The U.S. economy delivered another solid month of job growth in June, with employers adding 213,000 positions. In fact, June was the 93rd consecutive month of job creation, a new record.
Nearly 1.3 million jobs have been added since the beginning of the year, according to the most recent jobs report from the Bureau of Labor Statistics (BLS). This total reflects revised numbers from the agency for April and May, showing that employers added 37,000 more positions than previously reported. Over the past three months, job gains have averaged 211,000.
Professional and business services led June job growth
The BLS reported that employers in professional and business services helped fuel job creation last month, adding 50,000 positions. That industry has seen growth of 521,000 positions over the past year.
Other industries making significant contributions to job growth in June were:
- Manufacturing — Employers expanded their payrolls by 36,000 jobs. Over the past year, manufacturers have added 285,000 jobs.
- Healthcare — This industry created 25,000 positions last month. Employment in healthcare has increased by 309,000 in the last 12 months.
- Construction — Employment in the construction industry edged up by 13,000 jobs in June and has grown by 282,000 jobs in the past year.
Unemployment at 4.0 percent
After hitting an 18-year low of 3.8 percent in May, the unemployment rate ticked up to 4.0 percent in June. The rise in the unemployment rate was due to an increase in the labor-force participation rate, which nonetheless remains at a historically low level.
The unemployment rate for college-degreed workers who are 25 or older — the most sought-after professionals — also rose last month, to 2.3 percent. In May, the rate was 2.0 percent.
What employers need to know
Like most businesses, your firm is likely feeling the effects of summer. Employees are taking vacations, and the warm weather has pretty much everyone thinking more about lounging by the pool than staring at spreadsheets or marketing plans. But that doesn’t mean work can be pushed to the back burner. And if there are critical jobs to be filled, hiring must go on.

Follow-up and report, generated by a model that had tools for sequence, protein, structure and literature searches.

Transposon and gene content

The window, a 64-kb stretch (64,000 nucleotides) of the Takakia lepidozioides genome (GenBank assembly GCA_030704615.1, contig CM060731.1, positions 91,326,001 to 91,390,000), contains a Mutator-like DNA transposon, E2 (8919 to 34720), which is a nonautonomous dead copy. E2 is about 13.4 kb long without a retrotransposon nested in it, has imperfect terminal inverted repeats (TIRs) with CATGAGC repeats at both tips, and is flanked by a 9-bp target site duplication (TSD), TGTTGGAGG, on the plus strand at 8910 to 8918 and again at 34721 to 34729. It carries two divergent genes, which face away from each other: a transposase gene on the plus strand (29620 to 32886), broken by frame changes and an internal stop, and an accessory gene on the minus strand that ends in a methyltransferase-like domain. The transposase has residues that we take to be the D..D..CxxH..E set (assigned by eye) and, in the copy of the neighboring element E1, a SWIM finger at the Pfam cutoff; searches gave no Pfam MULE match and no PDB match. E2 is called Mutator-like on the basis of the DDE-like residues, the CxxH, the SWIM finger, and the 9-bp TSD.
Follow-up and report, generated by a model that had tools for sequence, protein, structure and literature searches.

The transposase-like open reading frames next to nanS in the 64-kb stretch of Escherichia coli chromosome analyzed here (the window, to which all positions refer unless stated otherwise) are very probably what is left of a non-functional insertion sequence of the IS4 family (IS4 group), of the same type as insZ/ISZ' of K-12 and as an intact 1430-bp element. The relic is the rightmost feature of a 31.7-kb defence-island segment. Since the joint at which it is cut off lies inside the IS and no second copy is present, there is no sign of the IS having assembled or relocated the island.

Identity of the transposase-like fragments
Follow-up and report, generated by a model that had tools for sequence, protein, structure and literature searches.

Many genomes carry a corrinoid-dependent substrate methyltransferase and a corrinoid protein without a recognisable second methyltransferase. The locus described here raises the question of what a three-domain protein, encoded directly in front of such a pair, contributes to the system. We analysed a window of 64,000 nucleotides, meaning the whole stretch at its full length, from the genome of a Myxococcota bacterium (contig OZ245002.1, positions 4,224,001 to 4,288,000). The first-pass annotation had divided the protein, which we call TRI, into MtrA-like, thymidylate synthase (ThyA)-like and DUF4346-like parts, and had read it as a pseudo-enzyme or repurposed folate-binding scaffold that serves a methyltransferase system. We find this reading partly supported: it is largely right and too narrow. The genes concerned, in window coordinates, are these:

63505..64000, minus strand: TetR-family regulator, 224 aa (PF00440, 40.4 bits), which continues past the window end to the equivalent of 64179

Engaging temporary staff is one way to keep your business humming. Interim professionals can cover staffing gaps while employees are out or while you conduct your search for a full-time hires.
Also, be careful not to let summer distract you from planning for the end-of-year work crunch. Now is the right time to assess your firm’s hiring needs for the rest of the year and align the resources you’ll need come fall.
What job seekers need to know
If you’ve just graduated from college, you might not need to wait long to secure a job offer. Unemployment is low not only for college grads but also in industries that typically require degreed-professionals, such as accounting, finance and information technology.
Candidates with on-the-job experience often have an edge in the job market. For many, that means an internship or part-time work during college. But those aren’t the only avenues for securing relevant experience. Temporary work is another great option.
Interim employment offers a way to earn in-demand skills and experience while building your professional network. And summer is an ideal season to explore this option, as businesses often need extra support while full-time team members are on vacation. You have the opportunity to shine a light on your abilities and, potentially, earn a full-time job offer.